|Ethnic groups in Tianjin, 2000 census|
Excludes members of the People's Liberation Army in active service.
Source: Department of Population, Social, Science and Technology Statistics of the National Bureau of Statistics of China (国家统计局人口和社会科技统计司) and Department of Economic Development of the State Ethnic Affairs Commission of China (国家民族事务委员会经济发展司), eds. Tabulation on Nationalities of 2000 Population Census of China (《2000年人口普查中国民族人口资料》). 2 vols. (Beijing: Nationalities Publishing House (民族出版社), 2003).
Tianjin People's Broadcasting Station is the major radio station in Tianjin. Broadcasting in nine channels, it serves most of North China, as well as parts of East and Northeast China, reaching a total audience of over 100 million. (Chinese)
Tianjin Television, the local television station, broadcasts in nine channels. It also boasts a paid digital channel, featuring home improvement programs.  (Chinese) Both the radio and television stations are now branches of the Tianjin Film, Radio and Television Group, established in October of 2002.  (Chinese)
Major local newspapers include the Tianjin Daily and Jin Wan Bao (literally meaning, "tonight newspaper"), which are the flagship papers of the Tianjin Daily Newspaper Group and Jinwan Mass Media Group, respectively.
The level of education in Tianjin has improved tremendously over its past conditions. The municipality stands well above the national average in terms of its level of education, but appreciably lower than that of the other two major cities in China, Beijing and Shanghai.
According to statistics from 2000, general universities and colleges in the city had 117,700 undergraduates including 45,500 new entrants and 19,000 graduating seniors. In addition, the city had a total of 2,168 enrolled graduate students for doctorate degrees and 10,392 students for Masters degrees. In general, a comprehensive higher learning system has been formed, with various disciplines including sciences, engineering, agriculture, medical science, teaching, finance and economics, liberal arts, foreign languages, arts and physical culture.
Besides higher education institutions, there were 80 general secondary specialized schools with 89,500 students enrolled and 23,300 graduated. Various degrees of vocational or technical education and adult education have also continued to develop in Tianjin, and the 9-year compulsory education policy has been well established in the city. In 2000, there were 690 regular high schools enrolling roughly 922,400 students, and several senior vocational secondary schools enrolling 74,600 students. The number of primary schools was 2,323, with a total of 717,100 pupils. The enrollment rate of primary-school-age pupils was 99.99 percent, which was well above the national average.
Under the national Ministry of Education:
Under the national Civil Aviation Authority:
Under the municipal government:
Note: Institutions without full-time bachelor programs are not listed.
People from urban Tianjin speak a specific Tianjin dialect, which comes under the Mandarin subdivision of spoken Chinese. Despite its proximity to Beijing, the Tianjin dialect sounds quite different from the Beijing dialect, which provides the basis for Putonghua, the official spoken language of the People's Republic of China.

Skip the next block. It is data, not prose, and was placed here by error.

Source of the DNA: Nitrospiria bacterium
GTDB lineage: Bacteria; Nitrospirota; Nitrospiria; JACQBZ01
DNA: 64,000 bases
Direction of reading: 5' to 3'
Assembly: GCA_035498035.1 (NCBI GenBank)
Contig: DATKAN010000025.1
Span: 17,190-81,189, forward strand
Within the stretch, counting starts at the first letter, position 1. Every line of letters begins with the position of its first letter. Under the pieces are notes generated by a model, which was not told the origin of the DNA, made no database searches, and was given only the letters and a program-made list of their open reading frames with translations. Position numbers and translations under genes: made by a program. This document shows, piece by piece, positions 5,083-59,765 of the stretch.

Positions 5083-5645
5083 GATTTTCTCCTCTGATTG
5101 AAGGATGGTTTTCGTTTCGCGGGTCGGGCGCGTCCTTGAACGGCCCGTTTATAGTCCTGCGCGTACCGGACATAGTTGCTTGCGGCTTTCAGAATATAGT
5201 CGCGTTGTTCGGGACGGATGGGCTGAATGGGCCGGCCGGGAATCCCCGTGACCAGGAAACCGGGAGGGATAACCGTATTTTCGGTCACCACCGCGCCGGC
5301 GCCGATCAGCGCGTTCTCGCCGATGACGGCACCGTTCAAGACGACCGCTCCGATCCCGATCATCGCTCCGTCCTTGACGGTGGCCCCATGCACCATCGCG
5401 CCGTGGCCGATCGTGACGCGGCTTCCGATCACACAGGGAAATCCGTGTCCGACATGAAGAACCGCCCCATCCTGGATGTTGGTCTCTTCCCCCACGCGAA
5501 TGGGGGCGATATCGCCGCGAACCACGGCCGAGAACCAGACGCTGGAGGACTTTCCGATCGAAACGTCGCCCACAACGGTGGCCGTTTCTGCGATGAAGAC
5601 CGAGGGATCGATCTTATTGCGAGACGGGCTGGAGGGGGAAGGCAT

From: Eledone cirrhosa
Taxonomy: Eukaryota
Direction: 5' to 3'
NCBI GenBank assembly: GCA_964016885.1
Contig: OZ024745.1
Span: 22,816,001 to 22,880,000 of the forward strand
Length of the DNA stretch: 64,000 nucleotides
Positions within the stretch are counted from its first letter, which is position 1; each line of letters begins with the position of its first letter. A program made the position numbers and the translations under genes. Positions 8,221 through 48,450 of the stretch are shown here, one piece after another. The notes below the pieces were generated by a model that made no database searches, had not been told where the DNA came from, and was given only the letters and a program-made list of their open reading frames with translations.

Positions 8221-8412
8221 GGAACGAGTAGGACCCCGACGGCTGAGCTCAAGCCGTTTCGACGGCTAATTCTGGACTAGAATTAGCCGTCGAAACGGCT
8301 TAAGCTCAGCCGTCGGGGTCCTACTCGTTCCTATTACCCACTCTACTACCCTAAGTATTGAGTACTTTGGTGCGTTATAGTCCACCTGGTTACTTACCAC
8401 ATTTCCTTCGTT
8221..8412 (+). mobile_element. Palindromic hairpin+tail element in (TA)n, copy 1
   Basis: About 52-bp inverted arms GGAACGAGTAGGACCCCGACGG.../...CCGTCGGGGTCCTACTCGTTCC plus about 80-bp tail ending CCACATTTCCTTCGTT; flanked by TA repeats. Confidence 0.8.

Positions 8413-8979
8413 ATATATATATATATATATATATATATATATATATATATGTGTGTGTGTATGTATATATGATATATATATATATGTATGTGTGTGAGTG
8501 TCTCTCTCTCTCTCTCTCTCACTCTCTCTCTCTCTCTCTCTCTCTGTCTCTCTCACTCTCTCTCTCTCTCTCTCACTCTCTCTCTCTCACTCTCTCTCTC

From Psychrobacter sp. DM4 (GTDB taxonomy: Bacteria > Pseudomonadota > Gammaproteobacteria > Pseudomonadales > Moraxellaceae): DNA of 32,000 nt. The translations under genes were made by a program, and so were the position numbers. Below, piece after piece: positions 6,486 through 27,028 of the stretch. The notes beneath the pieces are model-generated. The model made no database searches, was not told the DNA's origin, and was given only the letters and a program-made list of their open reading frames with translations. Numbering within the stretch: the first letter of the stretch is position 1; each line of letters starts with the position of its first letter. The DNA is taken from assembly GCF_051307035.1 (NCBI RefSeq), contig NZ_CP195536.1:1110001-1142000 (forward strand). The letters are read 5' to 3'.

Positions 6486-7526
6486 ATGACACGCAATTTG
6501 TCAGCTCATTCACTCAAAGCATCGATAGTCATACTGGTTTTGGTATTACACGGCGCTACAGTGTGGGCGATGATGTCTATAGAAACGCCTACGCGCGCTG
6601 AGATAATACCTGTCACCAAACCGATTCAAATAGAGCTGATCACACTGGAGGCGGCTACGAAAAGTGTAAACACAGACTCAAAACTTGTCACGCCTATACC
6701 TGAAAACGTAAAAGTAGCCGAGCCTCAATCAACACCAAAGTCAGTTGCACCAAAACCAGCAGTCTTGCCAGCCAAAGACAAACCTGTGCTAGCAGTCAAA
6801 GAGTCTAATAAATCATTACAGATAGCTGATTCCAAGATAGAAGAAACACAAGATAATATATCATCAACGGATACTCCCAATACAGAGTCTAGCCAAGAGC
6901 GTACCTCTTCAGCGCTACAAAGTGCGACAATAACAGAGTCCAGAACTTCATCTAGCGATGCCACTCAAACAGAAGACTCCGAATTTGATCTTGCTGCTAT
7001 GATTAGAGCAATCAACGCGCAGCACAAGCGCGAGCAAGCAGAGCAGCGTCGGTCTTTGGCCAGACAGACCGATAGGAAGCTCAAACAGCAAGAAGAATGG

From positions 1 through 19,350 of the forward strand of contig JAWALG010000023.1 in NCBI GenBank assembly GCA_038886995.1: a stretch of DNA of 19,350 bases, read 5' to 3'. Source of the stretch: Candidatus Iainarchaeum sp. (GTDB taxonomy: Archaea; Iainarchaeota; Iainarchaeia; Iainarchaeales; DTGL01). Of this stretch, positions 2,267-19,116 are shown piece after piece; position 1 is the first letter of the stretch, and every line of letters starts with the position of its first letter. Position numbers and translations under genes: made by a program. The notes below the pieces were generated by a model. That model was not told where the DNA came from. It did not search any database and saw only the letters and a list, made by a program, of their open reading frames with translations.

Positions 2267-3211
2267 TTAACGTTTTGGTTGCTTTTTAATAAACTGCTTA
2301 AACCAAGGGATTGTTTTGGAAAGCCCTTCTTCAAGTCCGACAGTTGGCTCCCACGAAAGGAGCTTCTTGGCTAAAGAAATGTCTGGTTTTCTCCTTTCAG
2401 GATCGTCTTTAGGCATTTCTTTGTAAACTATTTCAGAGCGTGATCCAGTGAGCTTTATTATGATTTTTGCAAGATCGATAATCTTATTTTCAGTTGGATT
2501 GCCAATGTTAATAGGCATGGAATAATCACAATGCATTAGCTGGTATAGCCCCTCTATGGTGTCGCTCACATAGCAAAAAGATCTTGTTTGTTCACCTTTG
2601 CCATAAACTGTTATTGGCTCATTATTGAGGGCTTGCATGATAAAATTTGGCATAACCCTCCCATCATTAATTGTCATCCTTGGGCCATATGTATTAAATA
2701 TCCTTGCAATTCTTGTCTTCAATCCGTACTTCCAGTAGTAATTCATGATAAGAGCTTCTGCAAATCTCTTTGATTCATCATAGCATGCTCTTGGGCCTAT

Tianjin cuisine places a heavy focus on seafood due to Tianjin's proximity to the sea. One of the more prominent menus include the Eight Great Bowls (八大碗), a combination of eight mainly meat dishes. The cuisine can be further classified into several varieties, including the rough (粗), smooth (S: 细 / T: 細), and high (高). The Four Great Stews (四大扒) refers actually to a very large number of stews, including chicken, duck, seafood, beef, and mutton.
Tianjin also has several famous snack items. Goubuli (狗不理包子) is a traditional brand of baozi(包子) (steamed buns with filling) that is famous throughout China. Guifaxiang (S: 桂发祥麻花 / T: 桂發祥麻花) is a traditional brand of mahua (麻花)(twisted dough sticks). Erduoyan (耳朵眼炸糕) is a traditional brand of fried rice cakes.
Tianjin is also a respected home base of Beijing opera, one of the most prestigious forms of Chinese opera.
Ma Sanli (马三立)(1914 - 2003), an ethnic Hui and longtime resident of Tianjin, is paramountly respected in China for his xiangsheng(相声), a hugely popular form of Chinese entertainment similar to stand-up comedy. Ma Sanli has delivered some of his xiangsheng in the Tianjin dialect(天津话).
Yangliuqing (Green Willows), a town about 15 km west of Tianjin's urban area and the seat of Tianjin's Xiqing District, is famous for its popular Chinese New Year-themed, traditional-style, colorful wash paintings (杨柳青年画). Tianjin is also famous for Zhang's clay figurines (S: 泥人张 / T: 泥人張) which are a type of colorful figurine depicting a variety of vivid characters, and Tianjin's Wei's kites (S: 风筝魏 / T: 風箏魏), which can be folded to a fraction of their full sizes, are noted for their uniqueness and portability.
Sights within the Tianjin urban area include:
Sights outside the Tianjin urban area, but within the municipality, include:
Sports teams based in Tianjin include:
Chinese Football Association Super League
China Baseball Association
All links retrieved December 8, 2015.
|Province-level divisions administered by the People's Republic of China (PRC)|
|Provinces||Anhui · Fujian · Gansu · Guangdong · Guizhou · Hainan · Hebei · Heilongjiang · Henan · Hubei · Hunan · Jiangsu · Jiangxi · Jilin · Liaoning · Qinghai · Shaanxi · Shandong · Shanxi · Sichuan · Taiwan1 · Yunnan · Zhejiang|
|Autonomous regions||Guangxi · Inner Mongolia · Ningxia · Tibet (Xizang) · Xinjiang|
|Municipalities||Beijing · Chongqing · Shanghai · Tianjin|
|Special administrative regions||Hong Kong · Macau|